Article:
Chasing Tuna: Using Nanopore sequencing of environmental DNA to assess fish biodiversity in the North Sea

The North Sea ecosystem is degraded. Compared to a century ago, the higher trophic levels are missing. Large predators such as bluefin tuna, halibut, sharks and rays used to be common, and are now rare or absent. Construction of many large offshore wind farms are planned in the North Sea. Wind farms will be closed for fishing, and can play a positive role in restoring the North Sea food web. Biodiversity monitoring in wind farms is essentials to measure their effects on the North Sea ecosystem.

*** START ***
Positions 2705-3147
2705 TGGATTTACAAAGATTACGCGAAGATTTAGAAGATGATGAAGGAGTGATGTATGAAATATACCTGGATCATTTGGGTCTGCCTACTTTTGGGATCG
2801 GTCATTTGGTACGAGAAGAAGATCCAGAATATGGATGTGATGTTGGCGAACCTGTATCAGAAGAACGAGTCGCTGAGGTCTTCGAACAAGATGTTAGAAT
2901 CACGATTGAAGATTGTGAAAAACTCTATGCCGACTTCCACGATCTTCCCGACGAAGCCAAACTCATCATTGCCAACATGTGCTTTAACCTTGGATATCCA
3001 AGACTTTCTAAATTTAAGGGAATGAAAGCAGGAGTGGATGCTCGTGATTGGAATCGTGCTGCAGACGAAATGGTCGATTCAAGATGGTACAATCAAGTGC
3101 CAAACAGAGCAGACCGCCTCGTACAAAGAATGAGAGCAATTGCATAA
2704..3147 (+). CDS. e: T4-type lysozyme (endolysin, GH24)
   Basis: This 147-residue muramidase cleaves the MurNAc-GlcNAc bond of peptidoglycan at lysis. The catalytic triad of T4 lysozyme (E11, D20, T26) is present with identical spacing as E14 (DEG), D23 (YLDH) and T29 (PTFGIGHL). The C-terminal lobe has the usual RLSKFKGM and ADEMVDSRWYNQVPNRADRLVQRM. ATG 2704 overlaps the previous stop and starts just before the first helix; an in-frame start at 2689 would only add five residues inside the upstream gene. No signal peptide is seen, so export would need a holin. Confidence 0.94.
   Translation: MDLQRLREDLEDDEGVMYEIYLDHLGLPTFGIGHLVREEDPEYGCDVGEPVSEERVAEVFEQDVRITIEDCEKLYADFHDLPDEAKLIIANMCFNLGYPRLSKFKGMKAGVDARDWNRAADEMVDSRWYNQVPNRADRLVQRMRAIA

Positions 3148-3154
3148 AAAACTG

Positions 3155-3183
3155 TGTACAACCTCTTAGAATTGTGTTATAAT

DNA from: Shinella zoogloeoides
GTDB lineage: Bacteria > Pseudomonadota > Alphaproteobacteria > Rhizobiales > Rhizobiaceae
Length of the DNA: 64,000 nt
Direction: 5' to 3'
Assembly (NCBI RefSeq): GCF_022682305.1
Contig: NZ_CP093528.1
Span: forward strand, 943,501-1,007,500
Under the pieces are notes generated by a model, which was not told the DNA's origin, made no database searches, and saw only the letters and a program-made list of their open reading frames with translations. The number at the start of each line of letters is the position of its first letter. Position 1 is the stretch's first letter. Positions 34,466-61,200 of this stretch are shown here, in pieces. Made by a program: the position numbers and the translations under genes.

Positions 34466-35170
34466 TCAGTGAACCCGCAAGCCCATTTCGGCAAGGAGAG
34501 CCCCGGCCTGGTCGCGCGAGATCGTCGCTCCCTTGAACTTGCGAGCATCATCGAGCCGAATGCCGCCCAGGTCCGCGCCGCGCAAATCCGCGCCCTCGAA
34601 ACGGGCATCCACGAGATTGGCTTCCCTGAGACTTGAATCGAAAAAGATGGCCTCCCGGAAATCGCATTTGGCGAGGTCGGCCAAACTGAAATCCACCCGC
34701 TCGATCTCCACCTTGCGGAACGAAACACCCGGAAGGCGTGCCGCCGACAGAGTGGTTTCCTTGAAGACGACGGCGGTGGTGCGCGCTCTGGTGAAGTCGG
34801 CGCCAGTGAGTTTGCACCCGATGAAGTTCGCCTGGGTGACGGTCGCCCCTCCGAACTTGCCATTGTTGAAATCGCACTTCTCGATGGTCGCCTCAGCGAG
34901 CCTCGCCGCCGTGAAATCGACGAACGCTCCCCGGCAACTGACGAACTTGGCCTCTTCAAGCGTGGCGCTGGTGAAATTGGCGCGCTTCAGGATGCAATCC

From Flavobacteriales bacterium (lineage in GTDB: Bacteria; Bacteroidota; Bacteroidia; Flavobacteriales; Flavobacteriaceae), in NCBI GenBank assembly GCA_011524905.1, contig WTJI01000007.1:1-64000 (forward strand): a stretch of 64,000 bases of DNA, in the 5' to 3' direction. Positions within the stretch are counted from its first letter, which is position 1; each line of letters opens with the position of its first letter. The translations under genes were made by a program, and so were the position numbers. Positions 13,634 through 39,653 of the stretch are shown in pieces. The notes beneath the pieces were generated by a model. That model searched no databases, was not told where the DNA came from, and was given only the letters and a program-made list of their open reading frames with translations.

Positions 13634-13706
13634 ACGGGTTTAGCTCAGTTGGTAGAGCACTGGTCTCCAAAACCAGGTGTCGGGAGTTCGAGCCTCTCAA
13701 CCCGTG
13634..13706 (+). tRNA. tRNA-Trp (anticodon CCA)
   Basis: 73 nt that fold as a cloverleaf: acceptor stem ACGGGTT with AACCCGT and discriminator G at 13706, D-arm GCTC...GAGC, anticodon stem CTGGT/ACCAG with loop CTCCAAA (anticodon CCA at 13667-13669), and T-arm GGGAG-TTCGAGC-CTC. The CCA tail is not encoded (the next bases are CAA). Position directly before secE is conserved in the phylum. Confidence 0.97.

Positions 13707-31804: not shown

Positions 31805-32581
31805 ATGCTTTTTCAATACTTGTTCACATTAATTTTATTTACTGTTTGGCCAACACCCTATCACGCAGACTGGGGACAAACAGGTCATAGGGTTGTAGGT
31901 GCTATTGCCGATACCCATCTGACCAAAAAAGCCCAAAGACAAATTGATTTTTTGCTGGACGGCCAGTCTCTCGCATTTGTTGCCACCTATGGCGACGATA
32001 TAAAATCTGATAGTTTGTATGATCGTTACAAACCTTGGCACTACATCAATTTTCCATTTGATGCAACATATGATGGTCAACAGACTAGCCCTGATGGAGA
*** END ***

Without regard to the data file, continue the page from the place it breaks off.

We can evaluate vertebrate biodiversity through nanopore eDNA sequencing ‘in the field’ at the North Sea. This enables biodiversity assessment of a diversity of reef structures in the North Sea, supporting optimal design of artificial structures such as wind farm foundations and scour protection. When managed properly, these optimal designs can assist in recovery of the North Sea ecosystem.

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